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Eurodoc annual conference and general meeting 2011
The annual conference of Eurodoc took place on March 31 – April 4, 2011, in Vilnius, Lithuania. This major European gathering of doctoral candidates, young researchers and policy makers was co-organised with the Lithuanian Society of Young Researchers (LSYR).
During the annual Eurodoc conference in Vienna in 2010, we looked back on achievements in the major policy agendas. One of the main outcomes of the conference this year was a focus on doctoral candidates as the essential link between European Higher Education Area (EHEA) and European Research Area (ERA). In 2011, the Annual Eurodoc Conference celebrated its 10th Edition, with the contribution of a large number of experts and organisations from politics, science, educational administration, higher education, business, and industry.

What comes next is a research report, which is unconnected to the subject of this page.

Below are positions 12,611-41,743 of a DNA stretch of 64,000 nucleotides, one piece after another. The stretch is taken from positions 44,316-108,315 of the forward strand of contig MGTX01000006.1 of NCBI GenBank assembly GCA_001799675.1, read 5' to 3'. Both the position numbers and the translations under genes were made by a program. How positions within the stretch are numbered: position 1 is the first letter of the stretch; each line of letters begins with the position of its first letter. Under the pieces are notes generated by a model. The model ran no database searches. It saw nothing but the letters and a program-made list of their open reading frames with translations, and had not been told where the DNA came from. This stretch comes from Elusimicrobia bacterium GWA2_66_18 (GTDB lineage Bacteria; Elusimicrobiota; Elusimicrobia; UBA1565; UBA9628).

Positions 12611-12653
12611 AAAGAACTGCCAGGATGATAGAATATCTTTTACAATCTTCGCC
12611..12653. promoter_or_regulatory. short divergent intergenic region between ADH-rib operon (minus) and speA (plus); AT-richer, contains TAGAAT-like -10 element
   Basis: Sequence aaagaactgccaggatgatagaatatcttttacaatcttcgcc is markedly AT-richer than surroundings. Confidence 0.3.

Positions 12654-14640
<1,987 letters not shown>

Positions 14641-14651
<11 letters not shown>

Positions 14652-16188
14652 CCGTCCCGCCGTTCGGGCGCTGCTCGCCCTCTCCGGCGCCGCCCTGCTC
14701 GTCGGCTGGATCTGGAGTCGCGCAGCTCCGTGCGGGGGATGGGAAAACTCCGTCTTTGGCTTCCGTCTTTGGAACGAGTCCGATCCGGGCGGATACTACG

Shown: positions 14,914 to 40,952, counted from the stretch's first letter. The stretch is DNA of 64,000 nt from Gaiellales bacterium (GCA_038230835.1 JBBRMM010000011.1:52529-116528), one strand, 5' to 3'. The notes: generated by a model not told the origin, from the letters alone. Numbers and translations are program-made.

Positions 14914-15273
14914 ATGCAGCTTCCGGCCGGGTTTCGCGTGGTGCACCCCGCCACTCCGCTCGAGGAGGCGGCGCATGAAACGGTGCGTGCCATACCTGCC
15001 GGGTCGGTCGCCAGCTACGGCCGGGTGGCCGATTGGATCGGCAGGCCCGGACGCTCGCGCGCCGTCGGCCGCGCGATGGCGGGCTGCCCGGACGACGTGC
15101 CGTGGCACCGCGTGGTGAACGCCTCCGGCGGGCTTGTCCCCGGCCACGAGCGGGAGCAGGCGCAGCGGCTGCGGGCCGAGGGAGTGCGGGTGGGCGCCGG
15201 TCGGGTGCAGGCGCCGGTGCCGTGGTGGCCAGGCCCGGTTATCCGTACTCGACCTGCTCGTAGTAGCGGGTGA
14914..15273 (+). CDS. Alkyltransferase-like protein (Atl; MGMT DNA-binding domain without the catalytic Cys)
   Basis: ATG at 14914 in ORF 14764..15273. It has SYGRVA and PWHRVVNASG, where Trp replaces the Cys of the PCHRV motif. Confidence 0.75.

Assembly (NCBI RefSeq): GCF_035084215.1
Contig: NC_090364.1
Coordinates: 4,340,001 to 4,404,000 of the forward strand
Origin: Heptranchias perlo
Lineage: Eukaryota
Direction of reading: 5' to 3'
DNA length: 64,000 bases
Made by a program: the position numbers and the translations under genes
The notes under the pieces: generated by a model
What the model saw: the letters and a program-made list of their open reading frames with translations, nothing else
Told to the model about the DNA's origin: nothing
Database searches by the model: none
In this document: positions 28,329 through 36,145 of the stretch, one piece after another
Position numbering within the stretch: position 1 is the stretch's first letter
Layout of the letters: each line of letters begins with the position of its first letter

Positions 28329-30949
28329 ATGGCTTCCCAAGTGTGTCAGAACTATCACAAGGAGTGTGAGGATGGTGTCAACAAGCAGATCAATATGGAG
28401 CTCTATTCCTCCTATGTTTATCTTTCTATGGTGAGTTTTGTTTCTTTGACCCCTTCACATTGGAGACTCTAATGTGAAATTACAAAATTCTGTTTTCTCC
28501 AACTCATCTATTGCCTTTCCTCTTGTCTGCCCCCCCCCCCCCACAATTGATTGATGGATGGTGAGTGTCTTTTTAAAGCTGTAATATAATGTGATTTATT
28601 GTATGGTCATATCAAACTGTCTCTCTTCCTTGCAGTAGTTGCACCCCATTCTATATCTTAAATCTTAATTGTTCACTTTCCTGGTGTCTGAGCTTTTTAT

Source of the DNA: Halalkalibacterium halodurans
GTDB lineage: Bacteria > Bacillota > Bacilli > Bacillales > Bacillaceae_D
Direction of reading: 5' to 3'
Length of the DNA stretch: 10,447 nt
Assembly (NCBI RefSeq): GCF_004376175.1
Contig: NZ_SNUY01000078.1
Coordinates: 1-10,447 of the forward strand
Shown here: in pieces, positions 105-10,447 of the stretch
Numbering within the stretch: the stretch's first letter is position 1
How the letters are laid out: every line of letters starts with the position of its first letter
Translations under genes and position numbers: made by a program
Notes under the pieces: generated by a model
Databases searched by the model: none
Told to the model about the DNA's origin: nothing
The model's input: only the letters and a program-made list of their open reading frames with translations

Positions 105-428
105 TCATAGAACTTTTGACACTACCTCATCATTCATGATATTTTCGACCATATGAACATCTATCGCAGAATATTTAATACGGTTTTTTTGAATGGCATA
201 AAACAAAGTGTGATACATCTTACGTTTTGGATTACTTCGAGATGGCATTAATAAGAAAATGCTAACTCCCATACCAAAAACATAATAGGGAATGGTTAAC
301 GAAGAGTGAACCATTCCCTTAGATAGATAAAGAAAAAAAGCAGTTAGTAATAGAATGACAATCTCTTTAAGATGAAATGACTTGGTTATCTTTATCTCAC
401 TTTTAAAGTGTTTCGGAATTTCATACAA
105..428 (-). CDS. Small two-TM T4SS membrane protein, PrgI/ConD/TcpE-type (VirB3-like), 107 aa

The Minister of Education and Science of Lithuania, Gintaras Steponavičius, the President of LSYR, Piotras Cimmperman and the President of Eurodoc, Izabela Stanislawiszyn gave opening addresses. Further keynote speakers during three plenary sessions (“Science: Tradition vs. Innovation”, “SMScience”, “Business as usual?”) included Katrien Maes, League of European Research Universities; Rolf Vermeij, University of Twente; Stefaan Hermans, Head of Unit “Skills”, European Commission; Liutauras Gudžinskas, Vilnius University; Norbert Kroo, Hungarian Academy of Sciences and the Scientific Council of the European Research Council; John Wood, European Research Area Board; Linas Eriksonas, UAB Europarama; Algirdas Davidavičius, Mykolas Romeris University; Yolande van der Veer, Van der Veer Bv; and Lidia Borrell-Damian, European University Association.
During roundtables and workshops, Eurodoc delegates and other participants discussed such issues as research integrity for a new generation of researchers, new trends and techniques in supervising doctoral candidates, gender equality in science and open theses.
The most important conclusion of the conference is that there is indeed a new generation in science, that every aspect of both present and future doctoral issues must include this generation, and that a new fashion ERA is only possible with their proactive participation. However, Eurodoc does not forget that traditions are valuable in Europe. Considering both is crucial to understand how we can successfully combine traditions and innovations in research.